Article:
The Internal Quality Assurance Cell (IQAC) in collaboration with School of Tribal Culture, Philosophy, and Eco-spiritualism (STCPE), KISS-DU organized the 3rd distinguished invited lecture on “India as a Global Economic Power” on 23rd April 2024 under the banner of Viksit Bharat @2047. Professor Satya Narayan Misra, KIIT School of Management, KIIT Deemed to be University graced the occasion as the distinguished speaker. Professor Deepak Kumar Behera delivered the Welcome Address and drew a connection between the topic and Viksit Bharat. Dr. Ratnakar Mohapatra, Dean School of Tribal Culture, Philosophy and Eco-spiritualism introduced the esteemed speaker and highlighted some of his significant achievements.

Speaking on the relevance of Viksit Bharat @2047 and how India is emerging as a global economic power, Professor Misra said that “The year 1991 was a watershed year globally and also in India. With fall of the Berlin wall Fukuyama wrote the era of free market and liberal economy. India believes in liberal economy and the Service Sector is doing well”. He was appreciative of the fact that our shares have doubled in the world economy and even during the Covid-19 pandemic the FDI did not come down.  Professor Misra added that the female labour force participation has increased to 37 percent. Sharing the success of some of the public policies like GST, Bankruptcy Law, trinity of Jandhan, Aadhar, mobile and digitization or formalization, he added that nothing happens by accident of history but by framing conscious policies.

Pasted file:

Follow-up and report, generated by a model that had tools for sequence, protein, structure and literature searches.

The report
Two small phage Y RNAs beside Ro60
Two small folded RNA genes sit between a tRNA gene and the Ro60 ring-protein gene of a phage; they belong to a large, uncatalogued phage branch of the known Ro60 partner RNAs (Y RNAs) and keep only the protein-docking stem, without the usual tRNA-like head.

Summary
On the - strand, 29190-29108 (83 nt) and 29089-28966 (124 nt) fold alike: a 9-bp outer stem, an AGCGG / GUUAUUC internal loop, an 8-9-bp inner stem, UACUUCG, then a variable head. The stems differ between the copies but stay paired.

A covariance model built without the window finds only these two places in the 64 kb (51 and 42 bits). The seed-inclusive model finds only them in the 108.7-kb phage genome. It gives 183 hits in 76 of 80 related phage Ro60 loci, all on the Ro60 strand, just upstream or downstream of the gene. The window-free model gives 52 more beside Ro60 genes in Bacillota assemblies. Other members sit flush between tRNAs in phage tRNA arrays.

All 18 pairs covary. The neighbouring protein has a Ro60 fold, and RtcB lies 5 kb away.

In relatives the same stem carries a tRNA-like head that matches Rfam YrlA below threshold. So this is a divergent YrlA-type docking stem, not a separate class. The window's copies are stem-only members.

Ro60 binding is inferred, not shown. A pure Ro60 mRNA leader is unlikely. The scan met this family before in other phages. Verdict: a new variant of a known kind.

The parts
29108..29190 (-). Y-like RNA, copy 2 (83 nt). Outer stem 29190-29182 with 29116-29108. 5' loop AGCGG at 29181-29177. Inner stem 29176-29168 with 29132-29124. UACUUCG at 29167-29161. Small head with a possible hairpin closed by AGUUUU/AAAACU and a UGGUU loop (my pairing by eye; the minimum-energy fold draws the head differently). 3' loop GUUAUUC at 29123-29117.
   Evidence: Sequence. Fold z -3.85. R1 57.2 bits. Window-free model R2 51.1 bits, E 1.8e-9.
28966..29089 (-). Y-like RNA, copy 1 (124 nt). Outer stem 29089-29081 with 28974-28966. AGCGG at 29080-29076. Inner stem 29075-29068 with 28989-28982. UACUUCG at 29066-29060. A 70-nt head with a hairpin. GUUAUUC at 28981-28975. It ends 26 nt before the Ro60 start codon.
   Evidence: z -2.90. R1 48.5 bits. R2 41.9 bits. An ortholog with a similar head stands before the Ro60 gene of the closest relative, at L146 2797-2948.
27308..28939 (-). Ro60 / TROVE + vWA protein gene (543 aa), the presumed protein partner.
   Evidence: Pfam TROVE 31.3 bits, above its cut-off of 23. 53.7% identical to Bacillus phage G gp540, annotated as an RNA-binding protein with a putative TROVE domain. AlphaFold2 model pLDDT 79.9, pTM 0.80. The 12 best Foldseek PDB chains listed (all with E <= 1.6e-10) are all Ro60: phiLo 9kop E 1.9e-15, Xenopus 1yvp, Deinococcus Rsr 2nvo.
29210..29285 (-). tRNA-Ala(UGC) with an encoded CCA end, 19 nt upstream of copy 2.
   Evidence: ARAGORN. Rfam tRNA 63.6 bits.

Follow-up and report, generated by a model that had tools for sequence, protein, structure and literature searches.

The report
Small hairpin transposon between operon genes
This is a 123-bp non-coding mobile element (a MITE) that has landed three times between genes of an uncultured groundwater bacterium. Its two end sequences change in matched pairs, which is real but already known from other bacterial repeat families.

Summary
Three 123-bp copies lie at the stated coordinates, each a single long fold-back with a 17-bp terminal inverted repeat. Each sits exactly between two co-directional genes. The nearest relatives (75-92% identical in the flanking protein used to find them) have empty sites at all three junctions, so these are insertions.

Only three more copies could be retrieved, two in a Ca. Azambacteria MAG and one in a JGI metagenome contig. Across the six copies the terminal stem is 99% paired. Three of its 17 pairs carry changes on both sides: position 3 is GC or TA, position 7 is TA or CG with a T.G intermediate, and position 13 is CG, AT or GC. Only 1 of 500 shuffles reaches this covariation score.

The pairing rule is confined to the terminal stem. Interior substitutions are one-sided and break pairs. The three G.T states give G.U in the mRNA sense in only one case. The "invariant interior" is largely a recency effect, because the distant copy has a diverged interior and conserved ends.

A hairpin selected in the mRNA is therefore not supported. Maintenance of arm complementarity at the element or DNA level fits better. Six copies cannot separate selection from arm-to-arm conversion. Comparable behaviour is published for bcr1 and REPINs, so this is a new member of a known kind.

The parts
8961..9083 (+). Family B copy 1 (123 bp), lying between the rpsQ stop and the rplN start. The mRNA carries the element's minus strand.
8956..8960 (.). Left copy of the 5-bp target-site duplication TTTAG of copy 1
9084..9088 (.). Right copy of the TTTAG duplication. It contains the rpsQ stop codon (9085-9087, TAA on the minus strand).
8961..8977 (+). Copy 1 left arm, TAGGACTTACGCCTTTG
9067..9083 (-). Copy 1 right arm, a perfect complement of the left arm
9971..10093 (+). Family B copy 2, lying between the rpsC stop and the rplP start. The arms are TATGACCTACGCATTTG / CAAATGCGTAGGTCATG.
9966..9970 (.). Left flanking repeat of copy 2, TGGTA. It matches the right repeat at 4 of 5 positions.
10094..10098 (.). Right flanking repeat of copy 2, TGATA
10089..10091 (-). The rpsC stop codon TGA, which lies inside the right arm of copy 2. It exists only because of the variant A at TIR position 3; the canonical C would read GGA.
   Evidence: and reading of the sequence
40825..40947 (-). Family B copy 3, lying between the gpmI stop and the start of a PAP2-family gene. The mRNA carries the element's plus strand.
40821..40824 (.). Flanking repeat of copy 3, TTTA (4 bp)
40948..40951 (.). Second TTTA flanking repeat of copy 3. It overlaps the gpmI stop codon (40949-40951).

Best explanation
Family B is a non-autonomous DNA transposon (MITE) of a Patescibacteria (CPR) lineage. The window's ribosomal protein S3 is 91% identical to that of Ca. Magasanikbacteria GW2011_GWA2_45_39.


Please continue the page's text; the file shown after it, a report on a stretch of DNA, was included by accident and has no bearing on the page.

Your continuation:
Furthermore, he was of the opinion that there exists a very promising situation about GDP and unemployment is a real gray area. He talked about challenges like long-term human capability, manufacturing and unemployment. He emphasized on human development as well. Professor Misra informed the participants that India is a medium developed country with a score of 65, with 6 thousand dollars. Mean years of schooling, life expectancy. Manufacturing is a problem area, he added.

Expressing concern, he added that there is a real mismatch between growth and employment. Six important missions; labor-intensive production, improve quality of jobs, overcome labour market inequality, provide effective skills, create productive non-farm employment and support small and medium enterprises. He acknowledged that India has fared very nicely in two areas drinking water and electricity. He lamented about the uncomfortable fact of concentration of wealth. The interaction session witnessed keen participation and Professor Misra answered the queries of the participants pertaining to the key factors of the Indian economy. He concluded the session by suggesting that India should support small and marginal farmers.

The session concluded with a Word of Thanks by Dr. Rudra Narayan Mohanty, Political Science Programme, STCPE, KISS-DU to the esteemed speaker and the participants.